Economic Civil War: Declaration of Mutual Total Boycott of Conservative and Liberal Businesses
July 26, 2012 - 2:13 pm
I’m old enough to remember when liberals found out that the then-owner of Domino’s Pizza was a pro-life Catholic activist who donated some of the profits from Domino’s to Catholic and anti-abortion charities. The reaction was sudden and furious: in an instant there were calls for a nationwide boycott of Domino’s, and of anyone who accepted ads from Domino’s; picket lines sprung up outside pizza shops across the country; and in general things looked grim for Domino’s.
Until, that is, about a month later, when the mob’s attention was drawn elsewhere, and the whole boycott thing evaporated.
What made the flash flood of outrage so mystifying is that the owner of Domino’s had never hidden his beliefs; nothing changed to precipitate the boycott except that the Left for the first time learned about an existing fact.
The exact same process is now happening with Chick-fil-A: it’s not that the owners suddenly came out of the conservative closet. In reality, they’ve been public Christians and openly conservative for their entire business careers. All that happened is that their views entered onto the liberal radar by chance one day, and the word quickly went out on the Alinsky grapevine: This is the next target we will freeze, personalize and polarize.
I’m quite sure that the Chick-fil-A boycott will fade away soon enough, as such things always do, but it raises a larger question: Why become outraged spasmodically like this, in fits and starts? Why not simply made a permanent list of every business’s political preferences, and conduct one’s economic choices accordingly?
Since conservatives as well have on occasion chosen to avoid giving money to famously leftist businesses, we can stop this bipolar boycott binge behavior and just declare a permanent cleavage in America’s shopping habits to match our political preferences. THIS IS WAR!
But the problem is that each side only ever gets obsessed with the other side’s “villains,” and there’s no one-stop bipartisan handy list of whom you should boycott and whom you should patronize, according to your politics.
Time to rectify that!
I hereby declare permanent mutual Economic Civil War between the left and the right. You don’t want your money going to fund ideologies you hate, do you? Of course not!
I’ll get the ball rolling with a few entries on both sides, but please feel free to make suggestions and additions in the comments section, and I’ll be updating the lists to make them more comprehensive throughout the day:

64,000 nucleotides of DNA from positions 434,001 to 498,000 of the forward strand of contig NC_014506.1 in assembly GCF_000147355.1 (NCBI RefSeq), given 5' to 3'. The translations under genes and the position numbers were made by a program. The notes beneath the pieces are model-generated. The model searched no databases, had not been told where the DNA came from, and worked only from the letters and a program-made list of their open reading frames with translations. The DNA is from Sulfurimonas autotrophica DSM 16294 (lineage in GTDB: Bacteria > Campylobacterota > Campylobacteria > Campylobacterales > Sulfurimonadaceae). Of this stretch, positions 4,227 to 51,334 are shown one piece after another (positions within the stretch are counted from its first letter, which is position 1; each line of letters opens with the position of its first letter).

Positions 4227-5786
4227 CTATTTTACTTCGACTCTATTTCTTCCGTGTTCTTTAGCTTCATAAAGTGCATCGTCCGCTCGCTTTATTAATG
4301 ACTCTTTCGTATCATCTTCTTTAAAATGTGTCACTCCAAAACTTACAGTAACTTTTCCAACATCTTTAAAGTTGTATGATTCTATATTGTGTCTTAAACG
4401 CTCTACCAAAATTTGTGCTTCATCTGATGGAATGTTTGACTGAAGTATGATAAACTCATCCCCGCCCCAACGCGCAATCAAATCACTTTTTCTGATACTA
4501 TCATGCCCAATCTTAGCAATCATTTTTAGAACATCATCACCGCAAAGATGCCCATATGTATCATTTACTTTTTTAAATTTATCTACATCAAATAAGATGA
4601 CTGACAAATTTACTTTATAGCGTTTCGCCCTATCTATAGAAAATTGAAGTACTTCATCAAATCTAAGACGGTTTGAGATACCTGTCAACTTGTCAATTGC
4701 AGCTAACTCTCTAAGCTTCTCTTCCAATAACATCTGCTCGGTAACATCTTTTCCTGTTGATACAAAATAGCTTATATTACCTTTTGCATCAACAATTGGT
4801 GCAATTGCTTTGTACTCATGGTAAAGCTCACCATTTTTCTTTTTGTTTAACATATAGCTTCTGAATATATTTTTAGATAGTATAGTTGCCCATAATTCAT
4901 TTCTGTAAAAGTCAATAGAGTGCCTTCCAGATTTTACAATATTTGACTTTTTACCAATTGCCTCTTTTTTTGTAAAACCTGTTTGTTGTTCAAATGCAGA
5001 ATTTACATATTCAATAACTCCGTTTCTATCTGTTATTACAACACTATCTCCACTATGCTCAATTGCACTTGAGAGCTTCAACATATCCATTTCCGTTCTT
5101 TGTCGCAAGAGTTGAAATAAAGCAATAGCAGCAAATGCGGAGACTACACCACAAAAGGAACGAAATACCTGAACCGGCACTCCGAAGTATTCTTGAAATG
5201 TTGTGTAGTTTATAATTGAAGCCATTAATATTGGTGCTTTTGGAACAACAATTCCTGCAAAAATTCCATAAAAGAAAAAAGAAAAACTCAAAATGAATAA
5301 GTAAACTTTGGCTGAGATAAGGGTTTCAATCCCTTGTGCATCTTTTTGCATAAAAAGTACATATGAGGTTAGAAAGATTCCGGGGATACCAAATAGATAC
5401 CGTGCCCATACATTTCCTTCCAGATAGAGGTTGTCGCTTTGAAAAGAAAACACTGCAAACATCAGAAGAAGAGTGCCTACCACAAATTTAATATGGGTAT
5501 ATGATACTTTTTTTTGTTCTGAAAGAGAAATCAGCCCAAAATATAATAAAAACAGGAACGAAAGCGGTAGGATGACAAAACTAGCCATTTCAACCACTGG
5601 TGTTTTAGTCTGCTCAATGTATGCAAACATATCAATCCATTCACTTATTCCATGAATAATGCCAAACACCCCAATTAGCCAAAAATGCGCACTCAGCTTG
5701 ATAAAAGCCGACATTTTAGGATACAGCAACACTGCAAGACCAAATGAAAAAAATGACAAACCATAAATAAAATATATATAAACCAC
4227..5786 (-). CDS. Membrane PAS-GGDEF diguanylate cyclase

EVIL CONSERVATIVE COMPANIES
If you are liberal, you must forever boycott and shun the following businesses, all of which are known or suspected of either being controlled by conservatives or donating profits to conservative causes, now or in the past:
Industry-wide “general principles” boycotts:
EVIL LIBERAL COMPANIES
If you are conservative, you must forever boycott and shun the following businesses, all of which are known or suspected of either being controlled by liberals or donating profits to liberal causes, now or in the past:
Industry-wide “general principles” boycotts:
Update I: One difficulty in compiling such a comprehensive list is that some companies have changed political orientations over time, and at various phases in history there has been unhappiness in both political camps with certain companies. Disney, for example, was reviled as a “conservative company” for decades, especially in the ’50s and ’60s, since Walt Disney himself was conservative and since Disney cartoons and films and parks promoted all-American values. But that was then; now, Disney is often accused of being too politically correct and of owning media outlets which overtly skew left; and at the same time, liberals still bash Disney for being unashamedly capitalistic. In short: Ya just can’t win.
To avoid this problem, I’m mostly seeking the names of companies which are either currently facing an official or unofficial boycott, or which faced one in the past and have not noticeably changed their politics since then.
Update II: This list is specifically about the political leanings of companies, and not about “bad business practices.” Therefore, excluded from the list will be boycotts called due to poor conditions in overseas factories (Adidas, Nike) except in those cases where there is a claimed or apparent close connection between the bad business practices and the companies’ declared ideology.
Update III: The more extreme anti-capitalist activists essentially hate every corporation, for the mere reason of being a for-profit capitalistic enterprise. Therefore, also excluded from this list will be boycotts declared simply because a company is successful. (Though it could be argued that many of the well-known boycotts originated for just this reason: Resentment of success and opposition to profit comes first, and then later some flimsy justification for a boycott is ginned up as an excuse to protest.)
Update IV: An interesting thought experiment: What would life be like in both LiberalLand and ConservativeLand if all members of each ideology strictly hewed to their boycotts — especially the industry-wide boycotts? Liberals would not only have to live without certain kinds of fast food, various hotels, paper products and fertilizer-grown plants, but also without oil and gas. Conservatives would not only have to forego Google, Facebook and Arby’s, but also films and newspapers. Two different Americas indeed!
Update V: Both GoodGuide and BargainBabe feature an interactive infographic slider which allows you see the political leanings of 153 major consumer brands. Maybe not each one is boycott-worthy, but if you’re trying to decide between Shiseido and Liz Claiborne at the cosmetics counter, it might be useful to know that Liz Claiborne is run by a bunch of commies while Shiseido are fascist reactionaries!